Brad Mehldau 10 Years Solo Live (Nonesuch)


Negotiating rapture is a risky business, but in his expressionistic solo work, pianist Brad Mehldau has repeatedly shown us that he’s unafraid of flying too close to the sun. Points given for the intrepid nature of this chosen approach: the celebrated improviser, who has carved an enviable career for himself in the last decade, invests in an excursion-based approach when alone at a concert keyboard. The thematic material that sparks his fancy may arrive with its own set of parameters, but like Keith Jarrett before him, Mehldau’s art, at least in the solo context, is centered on the rigor of exploration. Audiences genuflect because the pianist’s reveries have so much eloquence behind them. Grace, spontaneity, nerve – a typical Mehldau presentation makes sure that poise is being fueled by adventure.

You hear it time and again on the four CDs (and eight LPs) that make up this imposing set of pieces recorded in various European cities during the last decade. Known for including myriad pop tunes with the expected jazz nuggets and the stately classical choices, Mehldau isn’t one to play politely in the front yard, melody-wise; his purview stretches much farther afield, to places where there may or may not be paths leading him home. The 32 performances on 10 Years Solo Live have an unmistakable mission: offer a theme, set a mood and launch an expedition. The guy in the captain’s seat has a strong grip, and he only lets things slip a few times.

Let’s dive in to mood first – important stuff to Mehldau. By his choice of material and preference of tone, he’s been positioned as a dude with an affinity for melancholy. Covering cloudy Jeff Buckley, forlorn Elliott Smith, dreamy Nick Drake and glum Radiohead illustrates the kind of introspection he gravitates toward – few pianists do sullen with as much command. Each of the above artists turn up here, and as the improvs unfurl and the melodies disappear in the rear view mirror, it’s easy to hear just how smitten Mehldau is with the oft-somber variations that come spilling from his instrument. The Verve’s “Bittersweet Symphony” provides luxurious appointments; Pink Floyd’s “Hey You” is a doorway leading to a foggy evening saunter; Massive Attack’s “Teardrop” casts its allure by investing in the chill of isolation. Whether or not you fully absorb the musical mechanics that the pianist puts into motion during his recitals – his ornate passages often rely on a stacked series of intricacies, and yes they do occasionally lapse into overly steely machinations – you won’t forget the vibe that permeates the action. Atmosphere has plenty to do with Mehldau’s art. But even when the pathos snowballs, there’s a real-ass wash of emotion floating in the air somewhere.

Variety of attack helps sell the specifics of his chosen pieces. A classical upbringing mixed with a jazz career has positioned him as a pianist of multiple approaches. He shakes the notes of Léo Ferré’s “La Mémoire et la Mer” into an eerie meditation, and one of two spins through “Knives Out” is jittery enough to spook you for a week after the last note decays. The pianist loves him some sustain pedal, and from low-register drones to right-hand trills, there’s plenty of dynamic range at work. There are passages when he injects the music with so many notes and so much reverberation that it comes off like three keyboard players are swirling together.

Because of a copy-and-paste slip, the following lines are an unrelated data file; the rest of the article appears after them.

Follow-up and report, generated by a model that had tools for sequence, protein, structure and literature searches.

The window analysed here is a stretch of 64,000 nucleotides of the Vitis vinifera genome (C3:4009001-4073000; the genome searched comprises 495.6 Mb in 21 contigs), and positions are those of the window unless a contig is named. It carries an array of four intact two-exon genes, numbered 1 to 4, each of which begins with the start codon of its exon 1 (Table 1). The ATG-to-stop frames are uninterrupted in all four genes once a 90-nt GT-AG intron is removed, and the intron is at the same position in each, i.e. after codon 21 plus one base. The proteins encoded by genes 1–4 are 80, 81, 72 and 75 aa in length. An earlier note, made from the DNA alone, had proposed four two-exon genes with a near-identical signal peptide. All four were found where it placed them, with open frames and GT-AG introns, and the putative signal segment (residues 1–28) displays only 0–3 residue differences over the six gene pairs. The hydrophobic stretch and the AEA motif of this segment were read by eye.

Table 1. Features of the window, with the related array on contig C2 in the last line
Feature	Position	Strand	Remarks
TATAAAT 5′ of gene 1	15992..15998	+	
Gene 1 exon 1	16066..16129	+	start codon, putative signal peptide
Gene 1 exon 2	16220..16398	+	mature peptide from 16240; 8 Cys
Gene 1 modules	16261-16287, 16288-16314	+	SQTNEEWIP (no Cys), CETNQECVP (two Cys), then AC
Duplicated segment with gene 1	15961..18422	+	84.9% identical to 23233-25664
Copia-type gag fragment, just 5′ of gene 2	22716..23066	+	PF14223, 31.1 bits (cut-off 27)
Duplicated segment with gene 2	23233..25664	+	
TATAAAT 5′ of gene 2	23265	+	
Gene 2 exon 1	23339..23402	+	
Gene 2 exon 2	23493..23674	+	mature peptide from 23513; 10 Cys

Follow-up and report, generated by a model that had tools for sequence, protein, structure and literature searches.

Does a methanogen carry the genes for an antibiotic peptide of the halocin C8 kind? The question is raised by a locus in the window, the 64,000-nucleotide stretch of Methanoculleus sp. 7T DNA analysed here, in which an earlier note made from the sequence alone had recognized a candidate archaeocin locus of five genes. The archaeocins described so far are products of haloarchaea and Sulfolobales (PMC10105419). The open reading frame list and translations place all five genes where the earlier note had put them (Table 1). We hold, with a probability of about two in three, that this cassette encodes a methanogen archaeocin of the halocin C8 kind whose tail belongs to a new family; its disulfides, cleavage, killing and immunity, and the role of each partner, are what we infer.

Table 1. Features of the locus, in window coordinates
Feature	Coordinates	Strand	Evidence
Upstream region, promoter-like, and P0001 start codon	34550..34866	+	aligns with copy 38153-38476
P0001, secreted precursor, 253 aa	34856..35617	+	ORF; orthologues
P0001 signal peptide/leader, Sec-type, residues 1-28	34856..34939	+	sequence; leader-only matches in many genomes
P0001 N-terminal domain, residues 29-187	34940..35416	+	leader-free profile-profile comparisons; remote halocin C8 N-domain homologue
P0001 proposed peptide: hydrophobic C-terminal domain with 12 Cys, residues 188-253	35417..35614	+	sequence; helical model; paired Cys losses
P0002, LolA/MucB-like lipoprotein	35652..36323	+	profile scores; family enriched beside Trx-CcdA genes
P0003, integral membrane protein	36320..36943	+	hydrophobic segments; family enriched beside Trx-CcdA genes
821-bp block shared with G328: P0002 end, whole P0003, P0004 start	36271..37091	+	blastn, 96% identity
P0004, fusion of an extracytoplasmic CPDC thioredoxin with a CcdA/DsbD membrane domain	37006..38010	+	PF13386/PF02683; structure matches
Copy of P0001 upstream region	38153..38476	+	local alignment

At the other end of the spectrum are romps that compel because of their stark specifics. Trane’s “Countdown” becomes a feisty etude where every note bolsters the next and future architecture rather than momentary sweep is paramount. That’s also why the hammered phrases on Monk’s “Think of One” are such a welcome balance to some of the more rococo maneuvers, which can lapse into garishness now and then. No one’s going to mistake Mehldau for Martial Solal, but he’s got plenty of esprit in that right hand, and when his sunny side comes out, his own steely brand of bounce is refreshing. Strolls can be as revealing as sojourns, right?

He really pares down when his heart hits his sleeve. He enters McCartneyville three times here, and from “And I Love Her” to “Blackbird” he lets those indelible melodies have a front row seat while he adds his lagniappe. The latter track sounds like the most luxuriant music box theme ever. Whether ambling through “I’m Old Fashioned” or referencing “Waterloo Sunset” with a tear in his eye, he gives over fully to the sentimental. One terse Brahms Intermezzo winds up providing as much tenderness as McCartney’s “Junk.”

Ultimately, because of its breadth, 10 Years Solo Live is a curatorial victory. I reviewed the album from a CD advance, and each of the discs boast a title that illuminates Mehldau’s intent. “Dark/Light, “E Minor/E Major” and other such headers – segues rule and the lay-out of the tracks continuously enhances the impassioned story line. On the eight-LP vinyl version the suites are cut to even more pithy subsets because you’ve got to flip over the records. I made a micro playlist of “Los Angeles,” “Monk’s Mood” and the second spin of “Knives Out,” the performances that comprise the box set’s Side 12. It too had a sweet little narrative. Connecting the dots is the imperative with this undertaking and if you can charm a listener into digging Bobby Timmons up front and Brian Wilson at the finale, some major ground is gained. Counting on his perspective to see him through, Mehldau gets the job done with invention and insight.



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